OLYMPIA, Wash. — The weeks of protests, threats, and closures of Evergreen State College in recent weeks became a headline and talking point across the country.
They escalated following students speaking out and disrupting courses over a professor unwilling to support a yearly walkout over racial discrimination and awareness.
Evergreen State College President George Bridges said during a state Senate committee work session Tuesday that the national news stories “blew up with misinformation,” and stoked divisive coverage by conservative media.
The hearing that included state lawmakers, Bridges and other staff focused on the balance between free speech and safety. But no students were invited and no public comment was taken.
Lawmakers did hear from state Rep. Matt Manweller, R-Ellensburg, who blamed the protests on radicalized campus culture. He teaches at Central Washington University, not Evergreen, and supports removing state funding for the college. He blamed the problems on campus on the campuses themselves.
“So I don’t think they’re coming to college with these attitudes and if that’s the case, then we need to assume that this is something that they may be learning while at the university or college environment,” he said.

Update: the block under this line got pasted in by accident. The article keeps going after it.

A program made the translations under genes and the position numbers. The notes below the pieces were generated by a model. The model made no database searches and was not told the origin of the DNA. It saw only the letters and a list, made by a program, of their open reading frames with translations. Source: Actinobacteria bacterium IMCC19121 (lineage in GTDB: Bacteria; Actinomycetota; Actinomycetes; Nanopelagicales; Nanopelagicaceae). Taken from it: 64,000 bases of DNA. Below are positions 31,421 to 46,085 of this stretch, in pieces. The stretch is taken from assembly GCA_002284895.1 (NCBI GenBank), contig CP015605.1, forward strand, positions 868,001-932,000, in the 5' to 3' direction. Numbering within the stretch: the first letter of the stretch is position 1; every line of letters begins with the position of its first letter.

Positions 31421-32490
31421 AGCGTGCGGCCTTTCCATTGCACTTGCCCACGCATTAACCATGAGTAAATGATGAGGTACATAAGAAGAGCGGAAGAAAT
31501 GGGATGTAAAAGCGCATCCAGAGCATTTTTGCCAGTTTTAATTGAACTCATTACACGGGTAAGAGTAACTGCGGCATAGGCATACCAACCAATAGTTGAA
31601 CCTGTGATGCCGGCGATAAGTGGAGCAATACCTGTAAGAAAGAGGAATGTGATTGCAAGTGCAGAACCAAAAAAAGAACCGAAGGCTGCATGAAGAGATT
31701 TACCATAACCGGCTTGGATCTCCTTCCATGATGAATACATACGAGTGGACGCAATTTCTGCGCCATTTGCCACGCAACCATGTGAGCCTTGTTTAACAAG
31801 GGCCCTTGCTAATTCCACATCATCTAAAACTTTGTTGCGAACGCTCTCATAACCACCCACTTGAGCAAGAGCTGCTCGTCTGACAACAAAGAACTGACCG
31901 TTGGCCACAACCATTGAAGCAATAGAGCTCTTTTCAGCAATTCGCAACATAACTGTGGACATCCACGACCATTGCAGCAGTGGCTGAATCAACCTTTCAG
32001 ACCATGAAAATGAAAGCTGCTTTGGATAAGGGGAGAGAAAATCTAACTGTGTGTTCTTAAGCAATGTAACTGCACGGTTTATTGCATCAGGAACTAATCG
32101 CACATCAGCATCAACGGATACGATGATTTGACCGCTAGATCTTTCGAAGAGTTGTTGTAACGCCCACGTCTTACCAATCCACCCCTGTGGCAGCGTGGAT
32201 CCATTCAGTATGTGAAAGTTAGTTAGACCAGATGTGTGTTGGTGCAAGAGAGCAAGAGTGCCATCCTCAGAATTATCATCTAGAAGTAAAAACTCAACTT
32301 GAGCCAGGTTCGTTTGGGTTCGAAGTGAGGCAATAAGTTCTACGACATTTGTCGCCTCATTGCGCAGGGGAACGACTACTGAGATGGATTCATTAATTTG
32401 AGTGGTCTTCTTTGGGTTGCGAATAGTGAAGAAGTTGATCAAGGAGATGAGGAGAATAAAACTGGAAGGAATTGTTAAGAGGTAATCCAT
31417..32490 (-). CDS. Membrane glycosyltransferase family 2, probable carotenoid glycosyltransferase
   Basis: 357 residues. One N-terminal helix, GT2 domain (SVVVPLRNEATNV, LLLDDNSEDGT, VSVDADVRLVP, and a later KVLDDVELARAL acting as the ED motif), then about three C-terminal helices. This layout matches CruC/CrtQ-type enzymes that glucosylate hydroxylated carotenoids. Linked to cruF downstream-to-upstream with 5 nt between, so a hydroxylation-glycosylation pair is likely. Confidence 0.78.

The mostly all-white speakers and all-white lawmakers did not allow or invite any students to share what the protests were about in the first place: racial disparities and protection for LGBTQ students.
A small group of them said exclusion from the hearing proves their point that protests were needed.
“We got to the point that we got to point that we got to, because we have not been listened to and we’ve been ignored and we have not been thought about for so long,” said a student who gave her name as Keah.
“The intent was not talked about whatsoever. I heard a lot of times that they were talking about students trying to shut down free speech---when free speech is not actually the issue in question here,” said student Vee Ramsey.
Because of threats, the Evergreen State College graduation had to be moved to Cheney Stadium in Tacoma and cost the college around $100,000 for state patrol and county sheriff protection.
Bridges said that the end of the school year and the outside media cycle dying down have helped calm tensions.